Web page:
[00:01:09] More than 20 million Americans are currently diagnosed with diabetes, a tripling of cases since 1990. At this rate the CDC predicts that one in three Americans will be diabetic by midcentury. Currently in the United States, diabetes causes about 50,000 cases of kidney failure 75,000 lower extremity amputations 650,000 cases of vision loss, and about 750 deaths every year. Join me as registered dietitian John Massengale speaks to us about the prevalence of diabetes the causes, and the long term complications of having diabetes. Learn about what you can do to prevent and in some cases, reverse diabetes through Healthy Lifestyle Solutions. 

[00:02:00] As always, the full bio and the links for each of my guests can be found on the podcast website healthylistlesolutionsrg. And also as a bonus I'm giving you a diabetes info sheet that comes from PCRM. Simply go to bitlydiabetesheet and you will receive a guide with information on diet and diabetes in our newsletter. We send out information about upcoming diabetes classes as well. So, I hope that you enjoy this episode. 

[00:02:30] So, welcome John. Thank you. Thank you very much for having me. Well, I shouldlet our listeners know that we know each other fromt his lifestyle world that we live in. And so I'm in Dallas and you'rein Fort Worth and I always think it's a longer distance than it probably is, but is it about an hour trip between both cities?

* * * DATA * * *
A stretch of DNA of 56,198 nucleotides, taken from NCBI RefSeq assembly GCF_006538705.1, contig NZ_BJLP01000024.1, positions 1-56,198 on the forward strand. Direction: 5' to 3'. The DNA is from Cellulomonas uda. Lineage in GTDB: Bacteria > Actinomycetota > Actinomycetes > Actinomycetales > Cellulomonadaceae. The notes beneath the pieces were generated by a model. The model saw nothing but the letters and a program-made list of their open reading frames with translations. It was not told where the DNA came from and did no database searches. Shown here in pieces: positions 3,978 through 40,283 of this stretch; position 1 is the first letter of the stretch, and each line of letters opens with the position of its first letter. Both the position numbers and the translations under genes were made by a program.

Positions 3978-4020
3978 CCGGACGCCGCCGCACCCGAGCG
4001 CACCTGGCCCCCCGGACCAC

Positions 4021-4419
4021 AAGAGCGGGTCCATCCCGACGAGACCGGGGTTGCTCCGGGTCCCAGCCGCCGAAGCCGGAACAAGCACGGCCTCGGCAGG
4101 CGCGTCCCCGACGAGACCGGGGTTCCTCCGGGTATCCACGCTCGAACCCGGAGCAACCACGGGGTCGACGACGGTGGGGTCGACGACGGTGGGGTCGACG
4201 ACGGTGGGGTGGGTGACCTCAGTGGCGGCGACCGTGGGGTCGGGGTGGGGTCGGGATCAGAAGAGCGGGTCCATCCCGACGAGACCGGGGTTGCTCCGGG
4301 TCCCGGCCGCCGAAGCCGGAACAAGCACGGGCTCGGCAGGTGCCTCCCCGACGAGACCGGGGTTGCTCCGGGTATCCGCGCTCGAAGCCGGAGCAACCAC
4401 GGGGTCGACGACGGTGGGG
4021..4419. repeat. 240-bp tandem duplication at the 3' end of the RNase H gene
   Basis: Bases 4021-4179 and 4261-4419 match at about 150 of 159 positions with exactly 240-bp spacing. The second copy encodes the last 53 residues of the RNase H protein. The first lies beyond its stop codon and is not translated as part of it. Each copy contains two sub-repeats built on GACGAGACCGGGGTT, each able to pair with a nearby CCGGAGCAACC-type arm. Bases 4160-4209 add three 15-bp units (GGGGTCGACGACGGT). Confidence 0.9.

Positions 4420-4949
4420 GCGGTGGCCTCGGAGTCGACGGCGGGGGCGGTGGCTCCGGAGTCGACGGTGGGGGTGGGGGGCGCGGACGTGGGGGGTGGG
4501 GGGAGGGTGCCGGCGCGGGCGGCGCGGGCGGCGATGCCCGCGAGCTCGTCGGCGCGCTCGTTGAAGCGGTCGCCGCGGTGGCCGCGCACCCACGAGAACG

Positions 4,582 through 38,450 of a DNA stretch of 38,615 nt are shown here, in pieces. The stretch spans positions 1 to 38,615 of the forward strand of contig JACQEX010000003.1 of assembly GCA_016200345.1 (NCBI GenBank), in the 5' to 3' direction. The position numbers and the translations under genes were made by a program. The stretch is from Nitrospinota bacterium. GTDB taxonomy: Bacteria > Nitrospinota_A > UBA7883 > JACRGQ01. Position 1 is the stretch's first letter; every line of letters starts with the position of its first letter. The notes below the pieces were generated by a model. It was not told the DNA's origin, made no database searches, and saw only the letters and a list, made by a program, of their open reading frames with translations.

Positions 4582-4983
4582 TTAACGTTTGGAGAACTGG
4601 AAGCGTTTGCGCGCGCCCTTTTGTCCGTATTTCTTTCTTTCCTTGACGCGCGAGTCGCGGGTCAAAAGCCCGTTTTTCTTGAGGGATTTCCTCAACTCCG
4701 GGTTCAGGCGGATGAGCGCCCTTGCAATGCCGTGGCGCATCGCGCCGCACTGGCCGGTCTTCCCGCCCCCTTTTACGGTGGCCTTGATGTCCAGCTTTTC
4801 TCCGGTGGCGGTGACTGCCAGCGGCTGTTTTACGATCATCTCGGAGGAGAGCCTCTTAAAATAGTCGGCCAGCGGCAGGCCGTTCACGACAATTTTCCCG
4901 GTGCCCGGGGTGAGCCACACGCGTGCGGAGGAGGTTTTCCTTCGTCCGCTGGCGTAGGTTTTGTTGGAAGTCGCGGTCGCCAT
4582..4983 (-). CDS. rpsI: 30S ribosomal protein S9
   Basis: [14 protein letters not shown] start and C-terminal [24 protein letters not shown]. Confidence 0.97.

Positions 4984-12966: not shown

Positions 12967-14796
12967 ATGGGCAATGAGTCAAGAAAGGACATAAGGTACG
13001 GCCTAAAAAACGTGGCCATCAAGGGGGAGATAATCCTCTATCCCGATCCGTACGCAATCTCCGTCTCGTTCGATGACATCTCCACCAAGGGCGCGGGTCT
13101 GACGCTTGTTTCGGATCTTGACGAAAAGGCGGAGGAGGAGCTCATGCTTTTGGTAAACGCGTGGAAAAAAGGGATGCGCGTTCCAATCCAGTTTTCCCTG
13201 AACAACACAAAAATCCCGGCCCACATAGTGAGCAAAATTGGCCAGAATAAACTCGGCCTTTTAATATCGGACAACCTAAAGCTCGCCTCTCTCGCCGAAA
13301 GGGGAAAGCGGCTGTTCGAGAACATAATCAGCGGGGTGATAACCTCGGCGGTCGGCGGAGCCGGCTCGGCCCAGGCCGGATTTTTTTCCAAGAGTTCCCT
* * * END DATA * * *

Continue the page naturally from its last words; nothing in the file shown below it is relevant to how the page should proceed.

[00:02:48] It depends on what interstate you take. I'm really close tol 30, and really it's a straight shot. I would say probably 30 minutes 35 minutes if you go straight from downtown, one downtown to the other. Okay, all right just depends. But it also depends on traffic. 

[00:03:06] So, in all my years that I've been in Dallas, which have been about ten years now, probably have only been to Fort Worth like three maybe five times I don't know. But I'm beginning to be more drawn. And the last time l was there we went to this Mexican restaurant that is fully plant-based, and it was like, wow. But yeah. Anyway, I'd like our listeners to know that we know each other from the circle. 

[00:03:29] And the last time that we saw each other was at the Tulsa VegFest, which had been promoting on the podcast. And you were therefore the dinner experience which was a lot of fun. Yes. How was it for you? What did you think?